In a study published last week in Cell Reports, researchers from Monash University in Australia found that mice fed diets high in fiber from birth suffered less severe peanut allergies than those that were fed a common diet higher in fat and sugar.
The gut bacteria fostered by the high fiber diet released a specific fatty acid that helps the immune system suppress allergic reactions.
“We felt that the increased incidence of food allergies in the past ten years had to relate back to our diet and our own microbiome rather than a lack of exposure to environmental microbes – the so-called ‘Hygiene Hypothesis’,” says Laurence Macia, an immunologist and co-author of the study. “Most researchers in this field look at excess fat as the problem; we were one of the first looking specifically at fiber deficiency in the gut.”
In the study, mice with artificially-induced peanut allergy were given a high fiber diet. Their microbiota were then transplanted to similar mice with no microbiota of their own. These mice exhibited protection even though they had not been fed the high fiber diet, indicating the microbiota resulting from the diet provided the benefit.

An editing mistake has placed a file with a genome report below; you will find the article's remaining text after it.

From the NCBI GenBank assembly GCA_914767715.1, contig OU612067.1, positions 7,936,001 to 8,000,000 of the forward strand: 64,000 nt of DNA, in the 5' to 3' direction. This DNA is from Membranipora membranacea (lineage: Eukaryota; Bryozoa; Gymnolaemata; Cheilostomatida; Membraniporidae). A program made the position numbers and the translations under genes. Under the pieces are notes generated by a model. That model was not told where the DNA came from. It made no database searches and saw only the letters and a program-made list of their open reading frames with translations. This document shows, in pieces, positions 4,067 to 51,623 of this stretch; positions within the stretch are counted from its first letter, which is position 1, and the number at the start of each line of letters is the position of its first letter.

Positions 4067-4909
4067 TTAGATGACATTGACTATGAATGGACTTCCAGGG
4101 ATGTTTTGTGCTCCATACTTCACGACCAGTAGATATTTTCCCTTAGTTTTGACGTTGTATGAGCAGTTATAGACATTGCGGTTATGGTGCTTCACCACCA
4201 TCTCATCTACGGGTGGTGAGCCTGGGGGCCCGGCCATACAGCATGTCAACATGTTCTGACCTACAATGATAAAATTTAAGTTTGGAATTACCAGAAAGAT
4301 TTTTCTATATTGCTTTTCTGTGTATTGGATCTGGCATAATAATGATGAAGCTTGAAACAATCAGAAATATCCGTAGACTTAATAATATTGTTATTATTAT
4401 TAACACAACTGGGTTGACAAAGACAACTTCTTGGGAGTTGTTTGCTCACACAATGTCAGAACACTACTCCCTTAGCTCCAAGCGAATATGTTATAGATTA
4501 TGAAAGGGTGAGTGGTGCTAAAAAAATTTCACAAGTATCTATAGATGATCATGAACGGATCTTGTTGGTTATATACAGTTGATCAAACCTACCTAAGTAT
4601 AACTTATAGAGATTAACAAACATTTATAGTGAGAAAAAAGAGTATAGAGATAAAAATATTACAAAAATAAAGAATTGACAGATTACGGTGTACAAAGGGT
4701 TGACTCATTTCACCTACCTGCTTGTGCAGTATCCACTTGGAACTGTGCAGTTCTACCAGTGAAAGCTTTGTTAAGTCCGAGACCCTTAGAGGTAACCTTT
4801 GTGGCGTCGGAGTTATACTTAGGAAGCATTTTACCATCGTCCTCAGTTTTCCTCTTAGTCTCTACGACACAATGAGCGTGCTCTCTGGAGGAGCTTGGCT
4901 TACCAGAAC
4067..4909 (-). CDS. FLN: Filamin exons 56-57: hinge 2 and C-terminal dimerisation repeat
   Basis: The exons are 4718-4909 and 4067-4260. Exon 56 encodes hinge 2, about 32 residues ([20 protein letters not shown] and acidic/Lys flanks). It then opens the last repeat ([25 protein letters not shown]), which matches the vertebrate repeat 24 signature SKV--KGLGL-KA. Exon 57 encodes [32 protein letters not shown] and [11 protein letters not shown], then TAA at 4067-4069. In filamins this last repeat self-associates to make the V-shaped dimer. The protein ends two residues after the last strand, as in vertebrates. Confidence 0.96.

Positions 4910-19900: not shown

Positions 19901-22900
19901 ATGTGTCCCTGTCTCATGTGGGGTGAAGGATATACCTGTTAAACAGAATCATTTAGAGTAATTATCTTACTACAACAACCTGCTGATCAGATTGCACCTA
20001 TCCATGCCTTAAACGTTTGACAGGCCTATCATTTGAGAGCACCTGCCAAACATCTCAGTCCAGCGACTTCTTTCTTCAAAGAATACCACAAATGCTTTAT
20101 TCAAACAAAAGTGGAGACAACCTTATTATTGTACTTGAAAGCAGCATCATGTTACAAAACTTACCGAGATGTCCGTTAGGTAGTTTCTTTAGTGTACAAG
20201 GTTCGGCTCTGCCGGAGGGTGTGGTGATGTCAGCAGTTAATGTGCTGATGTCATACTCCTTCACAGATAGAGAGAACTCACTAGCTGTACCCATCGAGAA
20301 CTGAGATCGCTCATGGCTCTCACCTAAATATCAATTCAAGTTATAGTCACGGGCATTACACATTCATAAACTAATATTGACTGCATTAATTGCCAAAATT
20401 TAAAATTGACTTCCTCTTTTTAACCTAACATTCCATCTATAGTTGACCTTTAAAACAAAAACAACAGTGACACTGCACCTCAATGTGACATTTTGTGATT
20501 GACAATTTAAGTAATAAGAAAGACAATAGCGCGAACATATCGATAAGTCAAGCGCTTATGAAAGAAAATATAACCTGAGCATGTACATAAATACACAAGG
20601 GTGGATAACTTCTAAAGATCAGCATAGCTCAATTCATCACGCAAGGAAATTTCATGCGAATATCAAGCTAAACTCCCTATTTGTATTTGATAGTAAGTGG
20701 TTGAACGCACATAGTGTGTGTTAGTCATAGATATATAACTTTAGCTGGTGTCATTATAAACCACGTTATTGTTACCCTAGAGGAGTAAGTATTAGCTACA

Then, mice with no microbiota were fed water enriched with the same short-chain fatty acids produced by the high fiber microbiota for three weeks, which provided similar protection, indicating the fatty acid was responsible.
The researchers are cautiously optimistic their findings will also be applicable to humans. “It’s likely that compared to our ancestors, we’re eating unbelievable amounts of fat and sugar, and just not enough fiber” says Charles Mackay, immunologist and the other co-author of the study, “And these findings may be telling us that we need that high-fiber intake, not just to prevent food allergy, but possibly other inflammatory conditions as well.”